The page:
A resilient architecture is one much more where you say, "Look. The individual components each have to be able to not only survive the environment as it stands, but the individual components have to be designed in a way that as a horizontally scalable system, as a group of agents working together, that as changes happen in the environment that the system somehow keeps going. The subsystem somehow finds a way to at least meet a minimum set of capability that keeps the system going."
If you look at the way Amazon's designed, if you look at the way that Netflix is designed, this is exactly what they do. That front page of Amazon's not an application that’s made up of a whole bunch of pieces that are all designed to be stable. It's made up of a whole bunch of things where there's a whole bunch of failover and a whole bunch of different ways that data can be gathered.
So go to a cache. If the cache is gone, you go to the core data source. If that data source is gone, there's this other data source that will give you kind of a remotely good picture that you can adapt to. If that data source is gone, then you can say, "Well, I'm just not going to display that element of the page."
But the home page, that Amazon purchase page, is always there. When was the last time you went to Amazon and it was gone completely? That kind of resiliency...Right? Things fail all the time in Amazon, but that resiliency of the overall system gets you the appearance of five nines plus.
I think that that's the beginning shift of the mentality to say, "Rather than focusing on the component and making the component as stable as possible, focus on the relationships between components and how components work together and how can you build as much resiliency into the different relationships and the way things work together so that the system as a whole is in fact quite available, and quite resilient.”
Gordon: This sort of idea that we're just going to have these utterly standardized APIs that work together in lockstep and communicate with that way. That's really not the future. What we're really talking about architecting for this very heterogeneous environment where you need to sometimes translate from one thing to another, connect to things in a loosely coupled way.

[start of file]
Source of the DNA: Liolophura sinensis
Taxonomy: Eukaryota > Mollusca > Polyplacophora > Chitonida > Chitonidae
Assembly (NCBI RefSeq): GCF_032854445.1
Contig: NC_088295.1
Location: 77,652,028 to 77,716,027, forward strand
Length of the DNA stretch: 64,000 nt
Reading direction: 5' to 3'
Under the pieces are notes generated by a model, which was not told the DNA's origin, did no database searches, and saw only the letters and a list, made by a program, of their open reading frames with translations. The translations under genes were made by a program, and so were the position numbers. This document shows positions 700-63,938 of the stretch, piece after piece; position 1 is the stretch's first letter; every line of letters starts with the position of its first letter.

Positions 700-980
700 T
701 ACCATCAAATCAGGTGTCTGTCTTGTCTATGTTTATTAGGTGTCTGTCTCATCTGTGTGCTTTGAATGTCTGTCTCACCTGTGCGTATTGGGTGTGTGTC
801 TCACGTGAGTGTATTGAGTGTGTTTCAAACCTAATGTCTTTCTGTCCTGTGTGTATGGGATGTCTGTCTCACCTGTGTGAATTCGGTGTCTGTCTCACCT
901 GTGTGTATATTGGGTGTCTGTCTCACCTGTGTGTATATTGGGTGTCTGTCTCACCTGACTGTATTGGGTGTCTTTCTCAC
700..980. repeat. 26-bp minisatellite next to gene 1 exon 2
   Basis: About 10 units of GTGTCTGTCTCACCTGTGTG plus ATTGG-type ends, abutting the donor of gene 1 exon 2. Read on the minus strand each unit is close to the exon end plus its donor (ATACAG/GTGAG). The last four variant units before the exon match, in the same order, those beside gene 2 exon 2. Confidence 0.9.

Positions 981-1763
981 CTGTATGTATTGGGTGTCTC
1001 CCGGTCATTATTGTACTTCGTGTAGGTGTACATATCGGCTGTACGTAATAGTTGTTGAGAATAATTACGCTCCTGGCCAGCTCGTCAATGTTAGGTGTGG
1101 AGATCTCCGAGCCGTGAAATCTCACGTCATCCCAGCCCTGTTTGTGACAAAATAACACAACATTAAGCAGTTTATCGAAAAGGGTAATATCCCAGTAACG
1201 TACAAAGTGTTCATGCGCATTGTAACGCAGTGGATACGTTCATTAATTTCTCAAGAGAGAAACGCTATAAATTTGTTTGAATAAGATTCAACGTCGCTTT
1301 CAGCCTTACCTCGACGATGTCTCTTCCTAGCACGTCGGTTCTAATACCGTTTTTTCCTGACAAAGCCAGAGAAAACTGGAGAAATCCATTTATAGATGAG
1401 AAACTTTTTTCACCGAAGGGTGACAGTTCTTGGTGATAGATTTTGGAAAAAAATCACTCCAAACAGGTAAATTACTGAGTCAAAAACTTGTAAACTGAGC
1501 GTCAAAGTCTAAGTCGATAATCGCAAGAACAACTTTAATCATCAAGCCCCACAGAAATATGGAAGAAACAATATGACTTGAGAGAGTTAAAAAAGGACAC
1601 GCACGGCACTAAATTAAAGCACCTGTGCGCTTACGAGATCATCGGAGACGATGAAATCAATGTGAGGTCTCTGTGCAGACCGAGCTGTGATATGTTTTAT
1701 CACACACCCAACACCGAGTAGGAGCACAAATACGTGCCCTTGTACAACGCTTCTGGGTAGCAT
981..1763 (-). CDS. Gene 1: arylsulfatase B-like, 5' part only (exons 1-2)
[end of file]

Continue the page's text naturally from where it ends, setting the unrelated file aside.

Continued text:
James: I don't think standard APIs are the problem. I think the way to look at it though is, you're trying to find the patterns and you're trying to make sure that you can build to the patterns that work and to adapt and evolve those patterns over time. But I think there's a place for standard APIs. I think there's a place...Frankly, provisioning a server as an action, there's very little highly differentiated ways that you can provision a server. I think it's very fair to say that we're getting to a point for a Linux system working on an X86 environment, there can be a very, very standard way of doing that basic task.
But that's not the application. That's not the thing that solves a business problem up above.
I believe that there are standards in places that you can come to, but the idea that there's one stack that solves the problem is...And I don't think I've heard anybody really argue that it's all going to be this one big stack and everybody's going to move to this or they're non standard.
I think what you have to realize is that there are different components in the different stacks, that they give you different value. I think it's fine to talk about open standards for interfaces and then for formats, but I think when you go farther than that, when you try to say the stack is locked down, you have to do it this way with these sets of components. I think that that's the point that you break the model. I think that's when the market says "That's a broken model," and they do something different.
A great example, really quickly, about that is just when ITIL took off and companies started identifying ITIL and really, really being hip on it. DevOps shows up. Because ITIL was broken for some aspects of what the business wanted to do, DevOps is much more flexible in terms of the agility when you need agility. So, in fact, it is disruptive to what we thought was the commodity way of doing IT. It's always going to be that way.
Gordon: I think, really, if you look at the history of IT, you've got big monolithic approaches really have not done as well as more nimble, more modular approaches.
James: And that's exactly true. I think...There's a gentleman by the name of Simon Wardley who has great writing on this, where he talks about there are spectrums of business activities and there are times when you need to be highly, highly agile and there are times when you need to be locked down and to very closely control change and control adjustments. But what happens is you go through that cycle and get to the end of the cycle, to where things are little bit more like that. That enables a whole new set of innovation on top of that which, in the end, may trickle down and say, "Yep, we need to rethink the way that we're doing X."